• I condemn this atrocity, but…

    Many of you are no doubt familiar with the rhetorical pattern that follows every instance of jihadist violence. While most sane people express some mixture of grief and outrage, others seem more interested in justifying said violence or even victim-blaming. If this hasn’t already happened in the case of the recent attack on Brussels, it won’t be long before deeply illiberal outlets like Salon and Alternet begin to query the length of Belgium’s skirt and the propriety of her plunging neck line.

    There seems to be a belief among the regressive left that pre-empting such views with a condemnation of the atrocity effectively insulates them from criticism. Irrespective of what followed, they can always point to their initial condemnation in response to charges of Islamist apologia. It’s a strategy that often works, too. You’d be surprised how many people set the moral bar so low that simply expressing an opposition to mass murder is sufficient to deflect criticism.

    To be clear, there’s a difference between explaining/examining the causes of a crime and using said explanation to then justify the crime. Not every article on Brussels has to be, or even should be, about mourning the victims. However, in my experience explanation rather often gives way to justification. For example, it’s reasonable to claim that the Charlie Hebdo massacre occurred because the magazine caricatured the prophet Muhammad. But it is not reasonable to on that basis focus blame on the cartoonists for their religious insensitivity. It is morally irrelevant. Unfortunately, this is what I tend to see from people who claim to be liberals. In its simplest form—generally on Twitter—this brand of victim-blaming looks something like this:

    The mass murder of cartoonists is wrong, but those cartoonists were racist/insensitive/Islamophobic.

    So, what’s wrong with the view expressed above? Quite apart from communicating a near-psychopathic lack of empathy, it largely comes down to emphasis. To illustrate my point, let’s flip the clauses and see how the sentence reads.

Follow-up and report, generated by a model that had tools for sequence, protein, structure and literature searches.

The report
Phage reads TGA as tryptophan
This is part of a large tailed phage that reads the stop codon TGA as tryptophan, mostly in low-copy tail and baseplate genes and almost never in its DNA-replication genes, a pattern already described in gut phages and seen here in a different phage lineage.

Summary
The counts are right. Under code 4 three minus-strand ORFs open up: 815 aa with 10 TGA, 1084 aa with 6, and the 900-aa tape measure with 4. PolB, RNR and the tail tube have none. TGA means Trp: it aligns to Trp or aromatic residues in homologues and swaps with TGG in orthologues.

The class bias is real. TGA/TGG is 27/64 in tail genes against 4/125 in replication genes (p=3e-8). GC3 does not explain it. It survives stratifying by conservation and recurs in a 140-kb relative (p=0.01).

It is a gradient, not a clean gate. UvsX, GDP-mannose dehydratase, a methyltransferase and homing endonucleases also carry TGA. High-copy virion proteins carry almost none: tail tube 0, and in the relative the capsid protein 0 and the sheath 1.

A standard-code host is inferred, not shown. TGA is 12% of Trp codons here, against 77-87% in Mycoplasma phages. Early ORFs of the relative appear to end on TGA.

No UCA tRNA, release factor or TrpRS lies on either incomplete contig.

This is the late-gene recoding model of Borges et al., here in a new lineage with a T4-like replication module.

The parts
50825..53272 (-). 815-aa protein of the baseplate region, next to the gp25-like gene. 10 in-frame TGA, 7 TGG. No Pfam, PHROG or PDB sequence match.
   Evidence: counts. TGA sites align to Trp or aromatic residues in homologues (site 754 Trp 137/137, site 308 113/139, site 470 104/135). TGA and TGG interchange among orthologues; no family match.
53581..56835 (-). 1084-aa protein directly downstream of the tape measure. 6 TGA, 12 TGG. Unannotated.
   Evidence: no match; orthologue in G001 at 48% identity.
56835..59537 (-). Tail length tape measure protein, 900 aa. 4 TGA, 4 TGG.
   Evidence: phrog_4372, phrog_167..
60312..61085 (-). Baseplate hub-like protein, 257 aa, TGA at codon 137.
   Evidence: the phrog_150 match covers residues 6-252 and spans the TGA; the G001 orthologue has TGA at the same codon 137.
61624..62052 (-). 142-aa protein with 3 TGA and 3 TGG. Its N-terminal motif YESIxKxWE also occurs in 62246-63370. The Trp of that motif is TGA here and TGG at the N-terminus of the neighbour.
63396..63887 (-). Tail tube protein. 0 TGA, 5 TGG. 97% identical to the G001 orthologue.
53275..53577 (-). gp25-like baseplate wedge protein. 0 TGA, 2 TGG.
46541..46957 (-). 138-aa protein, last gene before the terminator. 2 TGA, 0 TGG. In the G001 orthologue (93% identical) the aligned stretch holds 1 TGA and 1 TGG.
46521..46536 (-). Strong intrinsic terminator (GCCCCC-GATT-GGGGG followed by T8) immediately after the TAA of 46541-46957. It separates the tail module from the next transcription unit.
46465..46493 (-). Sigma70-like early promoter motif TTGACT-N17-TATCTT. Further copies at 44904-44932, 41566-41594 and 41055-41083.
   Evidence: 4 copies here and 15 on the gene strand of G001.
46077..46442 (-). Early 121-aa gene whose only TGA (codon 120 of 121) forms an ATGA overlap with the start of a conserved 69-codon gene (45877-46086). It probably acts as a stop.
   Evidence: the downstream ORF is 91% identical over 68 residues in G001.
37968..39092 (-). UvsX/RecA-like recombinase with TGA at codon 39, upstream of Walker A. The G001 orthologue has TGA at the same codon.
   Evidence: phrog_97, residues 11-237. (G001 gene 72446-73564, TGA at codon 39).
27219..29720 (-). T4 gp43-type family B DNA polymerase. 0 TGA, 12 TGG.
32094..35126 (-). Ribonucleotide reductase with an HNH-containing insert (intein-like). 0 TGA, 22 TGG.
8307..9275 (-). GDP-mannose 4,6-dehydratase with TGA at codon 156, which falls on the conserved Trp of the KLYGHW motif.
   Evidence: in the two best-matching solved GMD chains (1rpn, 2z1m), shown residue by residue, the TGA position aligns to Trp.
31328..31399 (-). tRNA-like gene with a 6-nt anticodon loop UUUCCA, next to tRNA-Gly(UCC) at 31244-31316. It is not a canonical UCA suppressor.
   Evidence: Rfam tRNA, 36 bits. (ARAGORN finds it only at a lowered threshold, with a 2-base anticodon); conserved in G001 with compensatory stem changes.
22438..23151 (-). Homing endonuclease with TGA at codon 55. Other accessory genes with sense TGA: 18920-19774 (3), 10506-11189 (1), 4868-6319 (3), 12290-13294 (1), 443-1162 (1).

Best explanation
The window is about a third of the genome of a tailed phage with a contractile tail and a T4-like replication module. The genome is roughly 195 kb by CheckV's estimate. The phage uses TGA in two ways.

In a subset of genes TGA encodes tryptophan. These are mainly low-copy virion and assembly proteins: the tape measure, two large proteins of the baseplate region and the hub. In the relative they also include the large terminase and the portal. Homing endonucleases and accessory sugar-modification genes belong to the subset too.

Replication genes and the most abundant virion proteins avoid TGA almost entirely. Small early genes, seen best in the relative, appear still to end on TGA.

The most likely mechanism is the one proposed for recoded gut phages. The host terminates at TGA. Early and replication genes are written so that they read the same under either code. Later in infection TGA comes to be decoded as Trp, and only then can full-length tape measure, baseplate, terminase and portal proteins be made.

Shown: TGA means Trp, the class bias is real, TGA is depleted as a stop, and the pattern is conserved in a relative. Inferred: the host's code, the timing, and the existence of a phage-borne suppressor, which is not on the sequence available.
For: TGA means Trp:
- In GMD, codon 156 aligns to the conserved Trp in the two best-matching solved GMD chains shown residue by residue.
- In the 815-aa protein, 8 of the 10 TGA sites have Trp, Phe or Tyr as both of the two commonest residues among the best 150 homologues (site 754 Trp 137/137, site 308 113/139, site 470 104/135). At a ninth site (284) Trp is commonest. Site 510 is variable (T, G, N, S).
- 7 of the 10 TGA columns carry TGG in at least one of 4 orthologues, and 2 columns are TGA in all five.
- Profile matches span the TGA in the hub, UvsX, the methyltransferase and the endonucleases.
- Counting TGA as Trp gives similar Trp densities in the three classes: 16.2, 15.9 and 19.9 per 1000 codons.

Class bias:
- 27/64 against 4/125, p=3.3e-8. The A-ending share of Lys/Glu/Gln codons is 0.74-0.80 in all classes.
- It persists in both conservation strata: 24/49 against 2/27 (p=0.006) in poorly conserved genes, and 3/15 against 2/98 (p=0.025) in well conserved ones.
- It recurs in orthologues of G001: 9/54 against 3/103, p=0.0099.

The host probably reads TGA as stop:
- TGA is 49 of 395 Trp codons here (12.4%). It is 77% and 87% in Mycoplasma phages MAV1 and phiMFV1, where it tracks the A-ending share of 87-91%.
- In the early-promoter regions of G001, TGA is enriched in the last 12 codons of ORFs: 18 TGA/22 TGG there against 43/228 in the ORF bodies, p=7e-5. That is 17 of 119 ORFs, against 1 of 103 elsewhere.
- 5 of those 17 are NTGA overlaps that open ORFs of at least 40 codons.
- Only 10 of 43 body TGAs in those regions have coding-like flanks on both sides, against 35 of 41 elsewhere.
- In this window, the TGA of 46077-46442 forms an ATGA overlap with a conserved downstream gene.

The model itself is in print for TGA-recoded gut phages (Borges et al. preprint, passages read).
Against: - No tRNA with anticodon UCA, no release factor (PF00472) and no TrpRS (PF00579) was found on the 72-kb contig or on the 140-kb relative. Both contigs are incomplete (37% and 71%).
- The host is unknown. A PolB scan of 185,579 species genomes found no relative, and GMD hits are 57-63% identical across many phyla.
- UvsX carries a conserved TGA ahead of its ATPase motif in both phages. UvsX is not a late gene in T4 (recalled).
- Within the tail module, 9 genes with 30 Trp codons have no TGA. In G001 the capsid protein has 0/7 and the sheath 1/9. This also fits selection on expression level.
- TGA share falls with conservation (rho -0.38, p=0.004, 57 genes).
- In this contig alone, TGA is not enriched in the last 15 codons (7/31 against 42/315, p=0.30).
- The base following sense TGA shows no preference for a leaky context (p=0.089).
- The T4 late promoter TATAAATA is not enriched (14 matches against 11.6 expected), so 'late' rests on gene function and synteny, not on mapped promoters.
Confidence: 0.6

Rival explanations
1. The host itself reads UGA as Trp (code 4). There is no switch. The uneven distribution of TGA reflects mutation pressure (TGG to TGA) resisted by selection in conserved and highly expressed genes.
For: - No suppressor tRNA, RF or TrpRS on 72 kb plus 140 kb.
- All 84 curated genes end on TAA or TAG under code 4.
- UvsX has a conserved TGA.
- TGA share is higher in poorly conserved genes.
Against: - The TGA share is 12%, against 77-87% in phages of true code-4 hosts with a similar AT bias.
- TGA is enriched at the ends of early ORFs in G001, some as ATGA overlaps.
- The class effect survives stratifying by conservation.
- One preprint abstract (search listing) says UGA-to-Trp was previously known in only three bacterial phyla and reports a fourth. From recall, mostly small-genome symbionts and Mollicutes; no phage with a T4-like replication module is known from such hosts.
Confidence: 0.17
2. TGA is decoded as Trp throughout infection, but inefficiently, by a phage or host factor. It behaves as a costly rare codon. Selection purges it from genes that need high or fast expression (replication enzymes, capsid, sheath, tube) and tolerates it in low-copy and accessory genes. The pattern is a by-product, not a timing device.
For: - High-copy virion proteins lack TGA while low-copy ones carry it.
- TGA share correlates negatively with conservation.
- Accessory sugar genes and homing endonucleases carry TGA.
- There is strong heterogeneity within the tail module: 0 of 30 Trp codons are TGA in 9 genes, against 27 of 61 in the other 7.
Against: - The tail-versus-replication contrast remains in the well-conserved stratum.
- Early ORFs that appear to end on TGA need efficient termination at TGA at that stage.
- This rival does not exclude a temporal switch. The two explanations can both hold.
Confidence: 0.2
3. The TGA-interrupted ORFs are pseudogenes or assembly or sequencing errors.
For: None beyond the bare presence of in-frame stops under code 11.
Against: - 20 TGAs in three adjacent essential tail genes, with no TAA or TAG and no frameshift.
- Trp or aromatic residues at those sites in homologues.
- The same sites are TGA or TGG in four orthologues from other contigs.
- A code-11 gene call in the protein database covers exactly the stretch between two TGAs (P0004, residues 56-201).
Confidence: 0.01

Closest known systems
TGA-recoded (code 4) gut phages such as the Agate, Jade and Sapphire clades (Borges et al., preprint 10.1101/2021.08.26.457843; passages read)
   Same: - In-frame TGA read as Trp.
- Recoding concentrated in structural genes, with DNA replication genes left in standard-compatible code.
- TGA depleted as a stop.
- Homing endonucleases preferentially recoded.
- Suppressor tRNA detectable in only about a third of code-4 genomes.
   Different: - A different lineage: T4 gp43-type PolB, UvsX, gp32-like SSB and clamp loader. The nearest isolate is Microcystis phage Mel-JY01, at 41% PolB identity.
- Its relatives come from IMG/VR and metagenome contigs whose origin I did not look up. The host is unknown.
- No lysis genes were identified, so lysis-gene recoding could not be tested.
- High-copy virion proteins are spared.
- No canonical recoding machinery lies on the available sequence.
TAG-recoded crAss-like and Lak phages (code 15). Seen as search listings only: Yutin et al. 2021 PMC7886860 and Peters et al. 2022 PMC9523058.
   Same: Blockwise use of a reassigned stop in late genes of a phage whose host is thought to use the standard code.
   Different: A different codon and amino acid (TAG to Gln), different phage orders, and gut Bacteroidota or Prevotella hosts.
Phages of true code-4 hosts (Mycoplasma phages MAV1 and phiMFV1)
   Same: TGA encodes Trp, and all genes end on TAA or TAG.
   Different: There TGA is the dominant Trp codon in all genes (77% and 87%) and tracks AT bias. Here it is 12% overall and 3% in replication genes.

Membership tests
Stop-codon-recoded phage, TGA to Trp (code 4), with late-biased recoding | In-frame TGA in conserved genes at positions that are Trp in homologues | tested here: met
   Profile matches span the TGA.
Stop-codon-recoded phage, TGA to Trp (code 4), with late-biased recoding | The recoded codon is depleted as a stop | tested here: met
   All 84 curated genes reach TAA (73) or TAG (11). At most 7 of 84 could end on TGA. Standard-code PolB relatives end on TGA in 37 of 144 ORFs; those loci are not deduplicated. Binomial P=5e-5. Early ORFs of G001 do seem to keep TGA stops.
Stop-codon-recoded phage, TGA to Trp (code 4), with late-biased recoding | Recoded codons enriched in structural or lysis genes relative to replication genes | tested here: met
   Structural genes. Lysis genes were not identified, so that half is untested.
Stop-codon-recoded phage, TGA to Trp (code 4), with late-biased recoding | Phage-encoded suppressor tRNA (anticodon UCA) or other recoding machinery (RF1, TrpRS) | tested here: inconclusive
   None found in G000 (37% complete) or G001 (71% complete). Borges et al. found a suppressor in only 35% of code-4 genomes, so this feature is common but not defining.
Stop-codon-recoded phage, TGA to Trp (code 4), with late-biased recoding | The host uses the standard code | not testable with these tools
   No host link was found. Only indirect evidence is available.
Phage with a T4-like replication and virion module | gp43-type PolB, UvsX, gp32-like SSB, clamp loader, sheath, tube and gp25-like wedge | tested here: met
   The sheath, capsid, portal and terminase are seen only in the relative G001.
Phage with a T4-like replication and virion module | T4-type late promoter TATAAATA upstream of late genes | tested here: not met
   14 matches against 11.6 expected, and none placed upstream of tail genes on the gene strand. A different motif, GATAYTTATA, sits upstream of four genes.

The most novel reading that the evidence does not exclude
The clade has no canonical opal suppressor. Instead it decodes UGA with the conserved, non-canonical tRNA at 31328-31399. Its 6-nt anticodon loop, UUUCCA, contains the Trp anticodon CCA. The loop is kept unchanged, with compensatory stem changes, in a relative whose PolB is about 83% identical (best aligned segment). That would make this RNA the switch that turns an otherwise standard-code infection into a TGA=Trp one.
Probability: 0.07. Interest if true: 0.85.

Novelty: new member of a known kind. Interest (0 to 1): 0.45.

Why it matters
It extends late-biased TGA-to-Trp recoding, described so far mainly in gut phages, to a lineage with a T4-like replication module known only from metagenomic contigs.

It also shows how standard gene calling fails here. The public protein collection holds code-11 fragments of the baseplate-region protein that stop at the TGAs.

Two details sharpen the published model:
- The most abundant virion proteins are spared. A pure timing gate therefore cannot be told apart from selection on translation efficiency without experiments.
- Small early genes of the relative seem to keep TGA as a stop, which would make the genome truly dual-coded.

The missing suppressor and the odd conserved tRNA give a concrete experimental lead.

Those cartoonists were racist/insensitive/Islamophobic, but the mass murder of cartoonists is wrong.

    If you think the sentences are functionally identical, you’re either lying to yourself or your reading comprehension leaves something to be desired. The emphasis is on the second clause. The former is merely sugar for the medicine of the latter. It’s in many ways similar to the phrases “with all due respect” and “don’t take this the wrong way”. It should come as no surprise that these platitudes are scant consolation to the person subsequently being called an asshole. Their primary purpose is to make you feel better, not the target of your derision. Likewise, condemning mass murder before then going on to justify it is purely an act of self-preservation. At best, you’re communicating indifference toward the victims. At worst, you’re communicating contempt for them.

    That’s why I and, one suspects, many others take issue with people who pay lip-service to moral decency just so they can move onto more important business, such as vilifying the West and laying the blame everywhere except where it belongs: with the perpetrators.

    Note: After a Twitter back and forth with someone whose opinion I respect, it became apparent that I hadn’t distinguished between people who focus on causes as a means of explaining jihadist violence and those who do so to shift blame onto the victims. Hopefully the current draft makes that distinction clear.

    Category: AtheismFeaturedSecularismSkepticismSocial Justice


    Article by: James MacDonald

    James MacDonald is a freelance writer and featured Columnist for Bleacher Report. In addition to sports writing, James holds masters degrees in both Psychology and Social Sciences and covers subjects including sex, gender, secularism, media, and gaming, among others.